Hellblade’s combat is also razor sharp and mechanically sound. Senua’s light and heavy sword attacks are executed with crisp precision, leaving glowing red gashes where they bite into foes. Players must also make frequent use of the dodge and parry systems to defend against enemy attacks or get the right angle on bigger and more heavily armed opponents. The focus ability can also be used in combat to slow time and execute lightning-fast attack combos. Hellblade’s combat system drives like a dream, but the attack animations get recycled far too often, so much so that you’ll probably see them all during the game’s first encounter. This gripe extends to enemy attacks as well. The limited variation works fine for the well-designed boss battles, but standard enemies become too easy to defeat as you quickly learn to predict their movements. Senua also never learns new moves or receives any upgrades, so combat doesn’t change substantially between the first and last encounters.
I also felt that the narrative, while excellent overall, did suffer from a few miscues in its initial delivery. I’ll admit that I was a bit lost in the beginning, especially since there’s no explanation of mechanics or any background story given at the start. Instead, psychosis-induced flashbacks and hallucinations divulge Senua’s relationship with her family and lover throughout the game while also uncovering the past events that lead to her descent into the underworld. The voices help Senua decipher these visions, and one of them serves as a guide that explains the mythological lore of the land. This storytelling method is essential to the overall immersion, but the plot is hard to follow at the start since it’s explained through distorted hallucinations as opposed to discernible cutscenes or dialogue. Understanding these visions takes time since it’s not really clear what’s real and what isn’t, which helps players empathize with Senua’s condition but left me a bit lost at first.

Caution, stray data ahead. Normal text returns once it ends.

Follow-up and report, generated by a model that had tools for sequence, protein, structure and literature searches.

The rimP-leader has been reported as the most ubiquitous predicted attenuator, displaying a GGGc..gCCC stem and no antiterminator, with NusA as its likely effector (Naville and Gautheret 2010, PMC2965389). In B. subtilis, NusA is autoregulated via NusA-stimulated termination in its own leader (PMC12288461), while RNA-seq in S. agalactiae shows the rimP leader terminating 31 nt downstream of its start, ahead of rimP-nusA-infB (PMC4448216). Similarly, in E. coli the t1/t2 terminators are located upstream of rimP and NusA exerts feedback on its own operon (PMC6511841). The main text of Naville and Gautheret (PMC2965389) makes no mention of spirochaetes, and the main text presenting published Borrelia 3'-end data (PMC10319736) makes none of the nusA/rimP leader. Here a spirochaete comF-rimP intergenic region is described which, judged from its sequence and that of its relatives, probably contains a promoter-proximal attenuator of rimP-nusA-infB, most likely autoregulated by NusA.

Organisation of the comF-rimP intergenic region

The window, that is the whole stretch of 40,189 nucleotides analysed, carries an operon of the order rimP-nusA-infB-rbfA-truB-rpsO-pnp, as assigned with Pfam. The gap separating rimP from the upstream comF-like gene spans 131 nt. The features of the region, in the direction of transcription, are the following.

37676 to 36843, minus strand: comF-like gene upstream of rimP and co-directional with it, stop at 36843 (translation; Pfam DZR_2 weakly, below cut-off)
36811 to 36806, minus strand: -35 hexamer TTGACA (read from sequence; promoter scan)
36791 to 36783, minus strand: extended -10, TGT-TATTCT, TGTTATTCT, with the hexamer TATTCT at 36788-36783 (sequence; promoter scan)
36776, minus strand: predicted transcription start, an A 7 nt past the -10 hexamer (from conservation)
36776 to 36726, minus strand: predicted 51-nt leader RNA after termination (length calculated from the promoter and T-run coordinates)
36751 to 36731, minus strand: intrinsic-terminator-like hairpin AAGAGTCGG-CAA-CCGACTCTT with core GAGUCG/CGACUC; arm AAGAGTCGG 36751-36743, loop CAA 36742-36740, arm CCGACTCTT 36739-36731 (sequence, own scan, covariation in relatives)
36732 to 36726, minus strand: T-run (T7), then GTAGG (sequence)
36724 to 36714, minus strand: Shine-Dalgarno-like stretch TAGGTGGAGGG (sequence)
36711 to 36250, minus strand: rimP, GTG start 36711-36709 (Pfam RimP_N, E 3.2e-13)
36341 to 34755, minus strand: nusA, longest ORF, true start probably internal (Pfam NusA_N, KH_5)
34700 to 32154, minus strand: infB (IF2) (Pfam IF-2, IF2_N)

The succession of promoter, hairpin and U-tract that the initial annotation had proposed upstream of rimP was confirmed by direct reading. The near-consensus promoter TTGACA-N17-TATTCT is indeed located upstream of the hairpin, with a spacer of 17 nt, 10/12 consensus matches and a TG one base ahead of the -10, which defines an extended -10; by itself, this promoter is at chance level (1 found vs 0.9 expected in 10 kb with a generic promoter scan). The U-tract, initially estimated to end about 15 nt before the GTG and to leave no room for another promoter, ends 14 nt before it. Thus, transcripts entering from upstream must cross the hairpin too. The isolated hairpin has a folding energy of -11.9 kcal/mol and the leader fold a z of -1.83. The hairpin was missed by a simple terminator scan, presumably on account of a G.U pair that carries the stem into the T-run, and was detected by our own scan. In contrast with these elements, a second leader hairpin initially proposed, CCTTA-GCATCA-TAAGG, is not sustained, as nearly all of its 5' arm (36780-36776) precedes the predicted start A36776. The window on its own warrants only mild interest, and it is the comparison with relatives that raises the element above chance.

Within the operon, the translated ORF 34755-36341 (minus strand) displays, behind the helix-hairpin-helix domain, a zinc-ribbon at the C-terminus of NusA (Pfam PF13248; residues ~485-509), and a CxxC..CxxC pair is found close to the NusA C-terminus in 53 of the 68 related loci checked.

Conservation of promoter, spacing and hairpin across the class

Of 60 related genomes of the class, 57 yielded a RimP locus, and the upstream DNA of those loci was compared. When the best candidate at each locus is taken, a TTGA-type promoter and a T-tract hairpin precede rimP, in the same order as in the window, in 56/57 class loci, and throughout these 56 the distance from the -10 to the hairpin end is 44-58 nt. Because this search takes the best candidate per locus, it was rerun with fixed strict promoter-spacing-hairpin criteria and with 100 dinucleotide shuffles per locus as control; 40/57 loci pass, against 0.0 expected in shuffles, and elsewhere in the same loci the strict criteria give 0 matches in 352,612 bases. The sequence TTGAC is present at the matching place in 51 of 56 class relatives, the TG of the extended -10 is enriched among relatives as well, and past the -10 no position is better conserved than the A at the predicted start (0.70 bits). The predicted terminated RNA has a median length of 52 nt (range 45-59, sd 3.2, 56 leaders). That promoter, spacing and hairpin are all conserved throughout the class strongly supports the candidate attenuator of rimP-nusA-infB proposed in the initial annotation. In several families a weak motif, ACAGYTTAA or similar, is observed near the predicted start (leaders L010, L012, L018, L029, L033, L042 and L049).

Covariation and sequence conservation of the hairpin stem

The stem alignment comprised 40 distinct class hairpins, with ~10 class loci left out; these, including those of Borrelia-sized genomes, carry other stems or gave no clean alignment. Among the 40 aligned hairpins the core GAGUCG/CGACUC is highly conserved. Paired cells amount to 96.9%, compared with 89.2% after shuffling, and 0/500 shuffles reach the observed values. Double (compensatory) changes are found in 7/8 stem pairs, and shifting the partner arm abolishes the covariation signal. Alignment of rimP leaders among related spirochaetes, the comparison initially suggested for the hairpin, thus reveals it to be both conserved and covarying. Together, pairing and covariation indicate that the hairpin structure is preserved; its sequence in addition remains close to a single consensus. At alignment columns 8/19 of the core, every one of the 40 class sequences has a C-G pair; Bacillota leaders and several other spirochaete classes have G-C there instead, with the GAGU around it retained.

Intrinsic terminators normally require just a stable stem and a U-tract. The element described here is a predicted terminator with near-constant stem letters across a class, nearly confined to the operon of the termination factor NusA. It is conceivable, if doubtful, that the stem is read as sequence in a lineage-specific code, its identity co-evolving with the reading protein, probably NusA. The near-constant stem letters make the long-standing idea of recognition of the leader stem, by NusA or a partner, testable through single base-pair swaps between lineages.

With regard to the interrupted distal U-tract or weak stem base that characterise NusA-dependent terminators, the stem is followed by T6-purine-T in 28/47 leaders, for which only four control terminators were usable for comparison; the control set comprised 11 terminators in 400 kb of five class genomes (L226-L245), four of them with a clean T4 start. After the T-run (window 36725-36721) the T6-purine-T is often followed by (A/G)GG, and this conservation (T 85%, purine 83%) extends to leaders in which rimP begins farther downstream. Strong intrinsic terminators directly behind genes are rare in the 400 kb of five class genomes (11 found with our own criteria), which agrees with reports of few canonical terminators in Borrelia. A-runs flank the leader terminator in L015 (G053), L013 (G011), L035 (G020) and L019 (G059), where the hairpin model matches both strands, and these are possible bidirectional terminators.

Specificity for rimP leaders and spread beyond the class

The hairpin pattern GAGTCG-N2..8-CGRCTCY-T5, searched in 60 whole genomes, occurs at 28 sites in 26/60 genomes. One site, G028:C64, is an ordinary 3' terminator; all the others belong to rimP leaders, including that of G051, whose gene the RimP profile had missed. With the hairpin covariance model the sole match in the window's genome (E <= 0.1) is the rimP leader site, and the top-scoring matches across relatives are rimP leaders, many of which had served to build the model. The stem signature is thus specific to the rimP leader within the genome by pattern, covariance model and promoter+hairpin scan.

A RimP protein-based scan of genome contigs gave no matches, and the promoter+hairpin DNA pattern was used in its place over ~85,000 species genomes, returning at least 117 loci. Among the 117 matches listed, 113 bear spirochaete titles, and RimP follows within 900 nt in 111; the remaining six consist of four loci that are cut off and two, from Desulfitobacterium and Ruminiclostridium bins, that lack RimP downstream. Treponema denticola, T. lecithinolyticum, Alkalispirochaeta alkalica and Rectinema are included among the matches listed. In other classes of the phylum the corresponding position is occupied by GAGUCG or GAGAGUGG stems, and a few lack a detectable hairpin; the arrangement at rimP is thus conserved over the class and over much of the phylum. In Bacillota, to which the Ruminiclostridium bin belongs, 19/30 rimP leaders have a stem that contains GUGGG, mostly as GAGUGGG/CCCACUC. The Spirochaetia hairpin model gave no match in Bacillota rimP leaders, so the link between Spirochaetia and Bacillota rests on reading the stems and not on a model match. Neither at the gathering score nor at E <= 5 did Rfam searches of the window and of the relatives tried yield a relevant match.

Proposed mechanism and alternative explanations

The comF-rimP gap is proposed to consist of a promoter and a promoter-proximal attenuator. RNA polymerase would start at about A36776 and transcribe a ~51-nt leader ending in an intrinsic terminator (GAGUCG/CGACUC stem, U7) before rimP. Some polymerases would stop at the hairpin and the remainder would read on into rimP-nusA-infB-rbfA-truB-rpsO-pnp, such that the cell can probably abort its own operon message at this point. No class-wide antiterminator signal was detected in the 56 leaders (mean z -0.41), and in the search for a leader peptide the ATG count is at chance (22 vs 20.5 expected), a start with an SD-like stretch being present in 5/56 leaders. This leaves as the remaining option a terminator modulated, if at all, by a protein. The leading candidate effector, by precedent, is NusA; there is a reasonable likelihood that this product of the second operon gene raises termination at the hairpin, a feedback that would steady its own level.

Despite this slight hiccup, Hellblade’s overall presentation and pacing is carried out with general perfection. It’s a short game, my playthrough clocked in at approximately eight hours. That shouldn’t come as a surprise considering its $30 price. There’s a small number of collectibles and no side-missions, items, or loot, which allows the initial momentum imparted at the game’s start to carry out until the end. This lack of content might seem like a drawback to some, but I like that Hellblade forced me to focus on the task at hand and stay immersed in Senua’s tale. My only issue pacing-wise was with the game’s second act. Throughout Senua’s journey, there’s a good balance between puzzles and combat, but the second act is an unabashed gauntlet of puzzles that leaves combat out entirely, which caused it to drag out a little too long and hindered the first act’s initial steam.
Overall, Hellblade: Senua’s Sacrifice delivers a beautifully designed and cleverly engaging adventure that transports players into the mind of a madwoman. You experience this madness along with Senua and come away with a greater understanding of her illness since Hellblade forces you to live through it yourself. The lack of combat depth and small gripes with presentation aren’t enough to bog down this immersive accomplishment. Its ability to help players understand a condition that’s hard to portray and difficult to imagine elevates video games as a medium, especially since mental illness is an increasingly important topic that should be approached more openly in today’s society.